This is important when growing cannabis because nutrients are not available for uptake by the plant outside reasonably narrow pH ranges. Cannabis plants in soil do best between 6 and seven while cannabis plants in coco or other soilless mediums do best between 5.5 and 6.5. If you're using a mix, like in our soil mix guide, stay between 6.0 and 6.5.
If the pH is too high or too low, then the nutrients aren't available for the plant to uptake. This is called nutrient lockout because no matter how many nutrients you provide, the plant still cant use them. This is a widespread problem for farmers and the best way to combat it is to test the pH at every watering.
You can see from the graph above that not only is there a narrow range that cannabis prefers, but also that the nutrients spread the entire range. To make sure you hit all the sweet spots, it's a good idea to alternate between the high, low and medium within that range. If you're growing in soil, you might want to water once at 6.0, the next time at 6.5 and the next time at 7.0.
How do I test pH?
When growing cannabis, we are concerned about the pH near the roots and our best way of controlling that is by controlling the pH of the water. To keep your plant growing at its full potential, you must monitor and control the pH every time you water. pH water meters are an inexpensive and reliable method for accurately testing water's pH. Best of all, they are dead simple. Just turn it on and put the sensor head into the water and the pH will be displayed on the LCD screen. These are available online or in your local hardware store, starting at $15 all the way up to $150+.
How do I balance pH?
There are several pH Up and pH Down solutions on the market. After you have added nutrients to the water, test the pH. If you need to raise or lower it, add a few drops of pH up or down solution and check again. It's a good idea to test the runoff water too since that's your best indication of the pH near the roots.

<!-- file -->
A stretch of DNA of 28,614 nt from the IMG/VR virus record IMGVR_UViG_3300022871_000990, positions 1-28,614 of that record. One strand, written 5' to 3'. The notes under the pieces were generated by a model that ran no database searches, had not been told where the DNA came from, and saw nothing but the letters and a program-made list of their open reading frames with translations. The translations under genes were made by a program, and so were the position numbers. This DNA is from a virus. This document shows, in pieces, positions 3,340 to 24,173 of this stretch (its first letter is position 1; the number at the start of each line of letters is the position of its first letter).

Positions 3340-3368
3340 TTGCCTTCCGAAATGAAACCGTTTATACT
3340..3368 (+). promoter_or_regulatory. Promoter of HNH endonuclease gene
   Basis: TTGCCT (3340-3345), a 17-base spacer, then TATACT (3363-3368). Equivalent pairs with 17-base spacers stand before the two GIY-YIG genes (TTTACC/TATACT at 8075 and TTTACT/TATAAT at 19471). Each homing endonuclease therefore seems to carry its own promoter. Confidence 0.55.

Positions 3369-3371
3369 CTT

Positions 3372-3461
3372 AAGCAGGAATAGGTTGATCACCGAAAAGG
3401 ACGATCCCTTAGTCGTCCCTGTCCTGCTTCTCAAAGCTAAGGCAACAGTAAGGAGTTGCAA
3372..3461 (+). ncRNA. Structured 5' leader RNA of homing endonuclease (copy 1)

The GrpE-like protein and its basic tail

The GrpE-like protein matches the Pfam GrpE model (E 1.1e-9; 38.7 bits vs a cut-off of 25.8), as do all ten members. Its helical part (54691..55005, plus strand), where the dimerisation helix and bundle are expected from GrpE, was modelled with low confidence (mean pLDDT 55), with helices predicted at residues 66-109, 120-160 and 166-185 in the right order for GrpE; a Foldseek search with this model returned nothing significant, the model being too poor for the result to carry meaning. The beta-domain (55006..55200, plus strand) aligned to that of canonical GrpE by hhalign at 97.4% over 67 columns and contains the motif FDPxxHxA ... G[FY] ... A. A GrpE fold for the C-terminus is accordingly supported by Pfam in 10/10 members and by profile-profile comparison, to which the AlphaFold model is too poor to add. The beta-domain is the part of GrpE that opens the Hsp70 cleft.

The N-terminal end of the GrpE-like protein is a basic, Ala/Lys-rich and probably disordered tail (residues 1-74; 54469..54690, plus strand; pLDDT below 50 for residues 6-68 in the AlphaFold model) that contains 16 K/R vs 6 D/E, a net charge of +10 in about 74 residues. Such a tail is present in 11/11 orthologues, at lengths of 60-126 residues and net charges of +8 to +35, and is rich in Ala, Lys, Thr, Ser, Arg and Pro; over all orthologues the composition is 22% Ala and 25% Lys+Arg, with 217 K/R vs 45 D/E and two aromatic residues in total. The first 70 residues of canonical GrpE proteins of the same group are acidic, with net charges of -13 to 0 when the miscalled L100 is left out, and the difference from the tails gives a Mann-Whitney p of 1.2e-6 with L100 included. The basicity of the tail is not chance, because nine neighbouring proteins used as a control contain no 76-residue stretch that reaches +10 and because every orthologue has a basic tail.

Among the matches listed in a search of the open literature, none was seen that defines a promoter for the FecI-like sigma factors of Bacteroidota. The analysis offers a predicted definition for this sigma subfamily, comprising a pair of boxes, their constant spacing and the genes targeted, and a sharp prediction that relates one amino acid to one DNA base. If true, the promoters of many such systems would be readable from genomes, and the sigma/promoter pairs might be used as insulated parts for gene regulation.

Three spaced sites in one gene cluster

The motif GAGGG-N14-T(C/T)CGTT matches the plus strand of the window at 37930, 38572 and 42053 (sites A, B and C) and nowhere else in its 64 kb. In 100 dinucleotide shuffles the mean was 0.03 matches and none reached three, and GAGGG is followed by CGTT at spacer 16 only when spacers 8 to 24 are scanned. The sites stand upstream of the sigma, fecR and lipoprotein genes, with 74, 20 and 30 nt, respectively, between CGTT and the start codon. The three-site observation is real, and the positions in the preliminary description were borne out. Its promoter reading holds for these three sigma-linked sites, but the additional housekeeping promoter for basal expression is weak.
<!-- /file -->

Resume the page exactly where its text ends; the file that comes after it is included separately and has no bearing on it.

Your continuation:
Make sure to wash your pH tester off with pure water after testing the nutrient water.
If your plant's pH becomes unbalanced, flush the plant with pH balanced water and then make sure to adjust the pH at every watering.
How do I know if my plants are getting enough nutrients?
If your leaves are green and the plant is growing, it's probably getting plenty of nutrients. Use our detailed troubleshooting guide to spot problems early and learn how to take corrective action.
Can I use tap water for my plants?
Many farmers, including us, use tap water for their plants. If your tap water contains chlorine and other additives, you might want to purify before use. To do this, draw your water 12 to 24 hours before watering. Keep the water in a bucket and add a bubbler (the kind used in fish tanks) overnight. The bubbles and air contact will help dissipate chlorine.
Note that if you have a reverse osmosis system installed, you will need to supplement with Calcium and Magnesium supplement, since RO water is stripped of these vital nutrients.
Regardless of your water source, make sure to pH balance at every watering.
Can I use rainwater?
Hopefully! It depends on the quality of rainwater in your area. To test this, you will need to measure the Total Dissolved Solvents (TDS) - which will tell you how much 'non-water' stuff is in your water as 'parts-per-million.' The most common dissolved solids in rainwater are calcium, magnesium, and sodium, but can also contain other suspended solids. While these are important in the correct quantities, too much will throw off your nutrient balance. If your rainwater has a PPM of over 200, you should filter water before adding nutrients.